SGI's advanced medical imaging technologies showcased at Medicine Meets Virtual Reality Conference

Newport Beach 23 January 2002SGI showcased technologies which are revolutionising the high-end medical visualisation market at the 10th Annual Medicine Meets Virtual Reality (MMVR) Conference, January 23-26, 2002. SGI's presence and interactive display at the conference further demonstrated its position as a leader in visualisation and virtual reality technologies for medical applications.


Since 1992, MMVR has hosted an annual interdisciplinary conference to promote medical research and clinical adoption of virtual reality. This year the conference highlighted the newest tools in the industry, including information-guided surgery, data visualisation, robotics, and telemedicine.

SGI's booth demonstrated high-fidelity stereoscopic imagery with partner BARCO's new Galaxy Stereo DLP projector. On January 26, Almos Elekes, SGI director, medical industries, hosted a general session on stereoscopy (3D) projection with BARCO. Presentations from a variety of companies showed how cutting-edge 3D graphics and stereoscopic projection are being utilised for a wide range of medical visualisation and clinical applications around the world.

"SGI's advancements in medical imaging are influencing several areas of medical technology", stated Mr. Elekes. "Our ongoing efforts to improve not only MRIs and CTs for radiology and surgery but also the surgery-rehearsal products of such partners as Volume Interactions set the stage for the clinical adoption of virtual reality in clinical practice."

Since cofounding MMVR in 1992, SGI has remained at the forefront in developing visualisation technologies that enable rendering of and interaction with large data sets in real time. Through the years SGI technologies have evolved from being primarily research tools to addressing a wide range of clinical products and applications needs.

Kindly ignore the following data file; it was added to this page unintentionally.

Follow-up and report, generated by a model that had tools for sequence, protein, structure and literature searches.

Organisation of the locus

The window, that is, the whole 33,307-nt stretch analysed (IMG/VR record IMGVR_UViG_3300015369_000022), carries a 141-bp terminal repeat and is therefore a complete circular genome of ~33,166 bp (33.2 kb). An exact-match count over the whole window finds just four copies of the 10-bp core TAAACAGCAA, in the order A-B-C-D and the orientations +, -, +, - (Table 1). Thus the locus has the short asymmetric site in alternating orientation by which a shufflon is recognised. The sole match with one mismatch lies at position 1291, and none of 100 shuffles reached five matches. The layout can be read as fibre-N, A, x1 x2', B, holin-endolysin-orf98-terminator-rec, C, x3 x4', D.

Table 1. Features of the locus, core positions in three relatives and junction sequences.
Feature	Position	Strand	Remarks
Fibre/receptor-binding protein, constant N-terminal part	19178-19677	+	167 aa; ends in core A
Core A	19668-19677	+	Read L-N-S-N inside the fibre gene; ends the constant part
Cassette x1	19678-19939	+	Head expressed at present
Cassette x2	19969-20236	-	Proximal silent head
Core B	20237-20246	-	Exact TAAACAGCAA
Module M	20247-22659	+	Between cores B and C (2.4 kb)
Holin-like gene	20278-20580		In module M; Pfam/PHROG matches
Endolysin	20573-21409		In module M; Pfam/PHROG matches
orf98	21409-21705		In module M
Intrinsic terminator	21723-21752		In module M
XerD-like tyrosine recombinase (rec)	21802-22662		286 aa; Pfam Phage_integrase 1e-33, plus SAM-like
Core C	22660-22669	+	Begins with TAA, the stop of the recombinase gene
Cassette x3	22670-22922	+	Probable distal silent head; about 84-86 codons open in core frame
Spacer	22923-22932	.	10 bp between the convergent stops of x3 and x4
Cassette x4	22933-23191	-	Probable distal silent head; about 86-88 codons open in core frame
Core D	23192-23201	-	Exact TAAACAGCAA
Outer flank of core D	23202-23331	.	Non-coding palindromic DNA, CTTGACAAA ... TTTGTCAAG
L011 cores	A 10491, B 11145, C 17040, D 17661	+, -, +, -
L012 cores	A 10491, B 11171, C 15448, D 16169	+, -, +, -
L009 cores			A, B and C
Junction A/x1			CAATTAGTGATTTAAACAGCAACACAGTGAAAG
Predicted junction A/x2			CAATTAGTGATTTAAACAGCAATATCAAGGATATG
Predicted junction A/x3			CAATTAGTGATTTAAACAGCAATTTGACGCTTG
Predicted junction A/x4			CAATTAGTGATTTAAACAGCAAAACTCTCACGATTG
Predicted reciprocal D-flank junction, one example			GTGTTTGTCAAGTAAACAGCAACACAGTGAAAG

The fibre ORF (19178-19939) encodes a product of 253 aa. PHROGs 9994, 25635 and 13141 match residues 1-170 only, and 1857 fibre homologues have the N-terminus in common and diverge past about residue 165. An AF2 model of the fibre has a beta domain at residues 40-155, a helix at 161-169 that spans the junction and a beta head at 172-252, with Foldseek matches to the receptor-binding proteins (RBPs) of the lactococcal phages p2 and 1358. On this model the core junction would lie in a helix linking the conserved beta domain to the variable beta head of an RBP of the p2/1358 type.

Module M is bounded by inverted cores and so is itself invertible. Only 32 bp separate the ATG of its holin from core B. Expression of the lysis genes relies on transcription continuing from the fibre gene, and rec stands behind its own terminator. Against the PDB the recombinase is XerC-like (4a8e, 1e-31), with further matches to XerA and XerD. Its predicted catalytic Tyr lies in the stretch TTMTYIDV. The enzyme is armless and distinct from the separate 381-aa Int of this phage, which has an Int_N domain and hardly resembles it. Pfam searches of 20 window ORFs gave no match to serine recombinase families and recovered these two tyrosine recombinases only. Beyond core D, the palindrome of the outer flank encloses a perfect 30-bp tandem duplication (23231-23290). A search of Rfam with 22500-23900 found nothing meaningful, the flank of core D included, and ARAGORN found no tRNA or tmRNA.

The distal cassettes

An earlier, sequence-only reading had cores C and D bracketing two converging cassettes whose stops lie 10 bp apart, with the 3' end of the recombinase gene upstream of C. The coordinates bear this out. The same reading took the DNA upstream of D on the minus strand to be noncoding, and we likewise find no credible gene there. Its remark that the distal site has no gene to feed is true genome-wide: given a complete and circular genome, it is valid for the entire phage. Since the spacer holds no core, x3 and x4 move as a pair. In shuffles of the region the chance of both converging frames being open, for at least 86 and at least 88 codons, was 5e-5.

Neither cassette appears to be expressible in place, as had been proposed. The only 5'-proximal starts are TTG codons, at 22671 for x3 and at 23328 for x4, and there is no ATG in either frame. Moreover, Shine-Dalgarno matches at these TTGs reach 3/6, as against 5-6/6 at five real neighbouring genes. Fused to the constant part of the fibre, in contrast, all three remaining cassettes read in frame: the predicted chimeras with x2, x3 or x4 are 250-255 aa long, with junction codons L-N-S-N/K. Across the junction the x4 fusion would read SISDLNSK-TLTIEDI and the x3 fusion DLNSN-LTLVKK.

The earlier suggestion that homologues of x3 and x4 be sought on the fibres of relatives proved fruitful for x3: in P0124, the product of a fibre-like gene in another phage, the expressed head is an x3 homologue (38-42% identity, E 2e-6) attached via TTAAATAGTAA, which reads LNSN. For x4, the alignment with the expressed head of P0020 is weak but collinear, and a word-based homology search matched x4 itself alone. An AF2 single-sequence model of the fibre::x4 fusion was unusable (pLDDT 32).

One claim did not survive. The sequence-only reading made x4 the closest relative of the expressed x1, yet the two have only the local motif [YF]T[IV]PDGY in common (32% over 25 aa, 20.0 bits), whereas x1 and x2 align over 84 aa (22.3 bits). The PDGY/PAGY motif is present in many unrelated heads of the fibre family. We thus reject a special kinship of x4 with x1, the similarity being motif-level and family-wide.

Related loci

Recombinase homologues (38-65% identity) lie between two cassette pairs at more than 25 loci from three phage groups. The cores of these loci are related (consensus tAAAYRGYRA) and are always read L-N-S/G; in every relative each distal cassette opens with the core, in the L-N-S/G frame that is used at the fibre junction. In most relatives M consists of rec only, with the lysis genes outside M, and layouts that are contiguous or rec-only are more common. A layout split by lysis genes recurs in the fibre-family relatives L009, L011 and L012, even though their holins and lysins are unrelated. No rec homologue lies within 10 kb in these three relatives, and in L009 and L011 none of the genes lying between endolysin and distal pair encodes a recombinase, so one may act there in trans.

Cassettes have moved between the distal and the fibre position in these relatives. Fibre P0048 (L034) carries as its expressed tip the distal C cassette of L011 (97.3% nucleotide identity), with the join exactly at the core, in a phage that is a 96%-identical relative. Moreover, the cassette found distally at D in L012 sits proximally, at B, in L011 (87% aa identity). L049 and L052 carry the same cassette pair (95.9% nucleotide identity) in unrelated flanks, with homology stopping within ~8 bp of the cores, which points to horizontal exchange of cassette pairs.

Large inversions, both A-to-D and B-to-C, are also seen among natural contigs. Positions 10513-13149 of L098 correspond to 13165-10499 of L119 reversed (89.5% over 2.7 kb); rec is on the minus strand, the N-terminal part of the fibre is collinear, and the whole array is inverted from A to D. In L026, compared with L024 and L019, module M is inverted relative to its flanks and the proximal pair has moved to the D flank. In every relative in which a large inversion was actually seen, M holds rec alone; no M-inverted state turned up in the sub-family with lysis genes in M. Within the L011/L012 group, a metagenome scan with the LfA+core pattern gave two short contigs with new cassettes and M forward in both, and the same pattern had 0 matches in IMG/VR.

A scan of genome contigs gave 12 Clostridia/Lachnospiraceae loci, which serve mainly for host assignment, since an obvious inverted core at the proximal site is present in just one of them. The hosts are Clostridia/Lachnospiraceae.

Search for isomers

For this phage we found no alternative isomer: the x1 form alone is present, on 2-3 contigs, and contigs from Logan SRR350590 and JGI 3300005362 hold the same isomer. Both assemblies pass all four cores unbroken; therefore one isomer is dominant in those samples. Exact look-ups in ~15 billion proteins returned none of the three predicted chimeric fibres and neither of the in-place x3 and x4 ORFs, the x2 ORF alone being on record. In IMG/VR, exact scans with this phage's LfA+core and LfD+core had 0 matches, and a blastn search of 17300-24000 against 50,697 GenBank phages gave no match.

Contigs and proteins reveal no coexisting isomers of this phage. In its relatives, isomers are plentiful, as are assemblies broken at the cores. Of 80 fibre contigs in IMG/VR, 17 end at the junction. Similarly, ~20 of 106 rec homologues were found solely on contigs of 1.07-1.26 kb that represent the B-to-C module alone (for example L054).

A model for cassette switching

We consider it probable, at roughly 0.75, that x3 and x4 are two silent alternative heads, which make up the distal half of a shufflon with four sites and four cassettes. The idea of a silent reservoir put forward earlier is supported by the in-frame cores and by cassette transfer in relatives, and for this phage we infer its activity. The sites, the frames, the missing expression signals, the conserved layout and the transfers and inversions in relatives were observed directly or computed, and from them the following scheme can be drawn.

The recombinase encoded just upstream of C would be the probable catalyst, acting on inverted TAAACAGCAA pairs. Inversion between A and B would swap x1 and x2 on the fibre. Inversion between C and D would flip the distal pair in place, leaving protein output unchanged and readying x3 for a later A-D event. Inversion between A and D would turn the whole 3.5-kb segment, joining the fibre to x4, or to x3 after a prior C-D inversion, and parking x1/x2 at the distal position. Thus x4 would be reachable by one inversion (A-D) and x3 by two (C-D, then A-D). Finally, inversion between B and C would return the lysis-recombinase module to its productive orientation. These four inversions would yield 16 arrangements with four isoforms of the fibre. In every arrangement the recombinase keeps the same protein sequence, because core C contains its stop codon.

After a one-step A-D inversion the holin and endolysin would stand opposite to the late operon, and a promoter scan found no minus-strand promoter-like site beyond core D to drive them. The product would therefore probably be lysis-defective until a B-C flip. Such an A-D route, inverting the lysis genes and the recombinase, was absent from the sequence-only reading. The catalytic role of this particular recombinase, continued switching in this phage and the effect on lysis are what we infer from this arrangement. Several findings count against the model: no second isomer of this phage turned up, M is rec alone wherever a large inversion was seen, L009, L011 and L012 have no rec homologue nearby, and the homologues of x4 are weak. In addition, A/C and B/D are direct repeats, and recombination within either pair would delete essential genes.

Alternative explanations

In addition, SGI has launched a vision and four products for a new concept in advanced visualisation called "Visual Area Networking". The vision is to enable universal access to advanced visualisation using any computing device, over standard networks. The new products include graphics infrastructure software, graphics hardware and desktop systems that make this vision a reality.

The new software, OpenGL Vizserver 2.0, will allow users to interact with visualisation supercomputers individually or as a collaborative community of users, from anywhere in the world. It allows globally dispersed teams to visualise and interact with data in ways never previously possible.

The concept of Visual Area Networking means that the data is stored and processed in one place but can be interacted with by users across existing networks, using any client device, from tablets and laptops to large SGI Reality Centre facilities. It removes the requirement to have either the data or the advanced visualisation capability local to the user or to have enhanced, ultrahigh bandwidth networking resources connecting the remote and the centralised locations.

The concept of a Visual Area Network represents a shift from focusing only on advancing pure rendering power to include consideration of the location and availability of visualised data sets across the network. This is called visual serving, a concept which was pioneered by SGI. Visual Area Networking makes rendered data available to the user by sending only the pixels of the visualised graphic rather than the raw data, to be visualised locally. As such, it increases security by not allowing duplicates of the data to be distributed throughout the network.

A Visual Area Network would allow a surgeon to safely use a desktop in a sterile operating room to see and manipulate a medical scan using 3D rendering on an Onyx 3000 series system located in the basement of the hospital. Or as Bob Bishop, chairman and chief executive officer of SGI, put it: "The power of SGI visualisation supercomputers is literally put into the hands of people like surgeons performing virtual surgeries on the battlefield."

Leslie Versweyveld

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